Challenging the egoistic paradigm

Norman E. Bowie

Research output: Chapter in Book/Report/Conference proceedingChapter

1 Scopus citations

Abstract

Most economists are committed to some version of egoism. After distinguishing among the various sorts of egoistic claims, I cite the empirical literature against psychological egoism and show that attempts to account for this data make these economists' previous empirical claims tautological. Moreover, the assumption of egoism has undesirable consequences, especially for students; if people believe that others behave egoistically, they are more likely to behave egoistically themselves. As an alternative to egoism I recommend the commitment model of Robert Frank. The equivalent of egoism at the organizational level is that business firms seek (should seek) to maximize profits. I present arguments to show that a conscious attempt by managers to maximize profits is likely to fail. A committed altruism is more likely to raise profits. I suggest that a firm should take as its primary purpose providing meaningful work for employees.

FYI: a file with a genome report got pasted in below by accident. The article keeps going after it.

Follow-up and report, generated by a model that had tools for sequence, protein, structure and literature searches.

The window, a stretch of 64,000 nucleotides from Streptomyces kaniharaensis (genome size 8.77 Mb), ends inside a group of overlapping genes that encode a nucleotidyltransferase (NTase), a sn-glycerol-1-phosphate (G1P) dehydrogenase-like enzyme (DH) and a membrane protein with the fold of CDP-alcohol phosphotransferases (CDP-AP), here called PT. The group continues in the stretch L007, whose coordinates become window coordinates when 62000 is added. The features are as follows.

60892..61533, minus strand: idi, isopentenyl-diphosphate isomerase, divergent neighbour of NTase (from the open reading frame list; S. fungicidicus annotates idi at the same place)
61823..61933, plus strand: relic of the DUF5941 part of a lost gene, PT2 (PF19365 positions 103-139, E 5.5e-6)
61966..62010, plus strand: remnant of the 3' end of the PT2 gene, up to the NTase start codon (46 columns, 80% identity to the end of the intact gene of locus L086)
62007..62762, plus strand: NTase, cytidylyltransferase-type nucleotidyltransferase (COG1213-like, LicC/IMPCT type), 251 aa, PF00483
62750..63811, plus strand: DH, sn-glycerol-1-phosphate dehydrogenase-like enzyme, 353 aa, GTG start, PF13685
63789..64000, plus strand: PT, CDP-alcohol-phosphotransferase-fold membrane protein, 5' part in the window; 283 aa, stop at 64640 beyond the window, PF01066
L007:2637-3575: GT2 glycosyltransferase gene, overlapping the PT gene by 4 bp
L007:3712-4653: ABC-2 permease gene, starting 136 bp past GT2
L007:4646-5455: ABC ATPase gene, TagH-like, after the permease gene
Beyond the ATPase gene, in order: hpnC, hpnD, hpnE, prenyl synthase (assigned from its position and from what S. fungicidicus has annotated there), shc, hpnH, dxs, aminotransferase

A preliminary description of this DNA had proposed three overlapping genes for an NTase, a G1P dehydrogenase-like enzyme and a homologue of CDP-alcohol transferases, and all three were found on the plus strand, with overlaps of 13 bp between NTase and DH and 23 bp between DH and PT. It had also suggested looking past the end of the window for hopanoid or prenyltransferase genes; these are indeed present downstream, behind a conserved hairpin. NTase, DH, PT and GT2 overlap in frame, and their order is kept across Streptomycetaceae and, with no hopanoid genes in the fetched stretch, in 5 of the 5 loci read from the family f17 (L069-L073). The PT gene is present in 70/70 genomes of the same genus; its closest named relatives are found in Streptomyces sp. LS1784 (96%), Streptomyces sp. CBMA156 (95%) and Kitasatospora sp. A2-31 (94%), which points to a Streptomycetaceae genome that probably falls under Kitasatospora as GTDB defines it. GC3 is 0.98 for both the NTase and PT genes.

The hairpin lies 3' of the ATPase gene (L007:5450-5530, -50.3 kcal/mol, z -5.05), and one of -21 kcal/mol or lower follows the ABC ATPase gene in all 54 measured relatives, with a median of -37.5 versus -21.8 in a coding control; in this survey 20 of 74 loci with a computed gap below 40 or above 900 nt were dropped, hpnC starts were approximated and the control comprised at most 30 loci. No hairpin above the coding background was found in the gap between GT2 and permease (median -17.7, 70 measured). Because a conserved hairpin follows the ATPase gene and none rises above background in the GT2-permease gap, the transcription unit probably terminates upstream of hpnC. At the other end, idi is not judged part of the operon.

Original languageEnglish (US)
Title of host publicationNext Phase of Business Ethics
Subtitle of host publicationIntegrating Psychology and Ethics
PublisherJAI Press
Pages145-163
Number of pages19
ISBN (Print)0762308095, 9780762308095
DOIs
StatePublished - Jan 1 2001

Publication series

NameResearch in Ethical Issues in Organizations
Volume3
ISSN (Print)1529-2096

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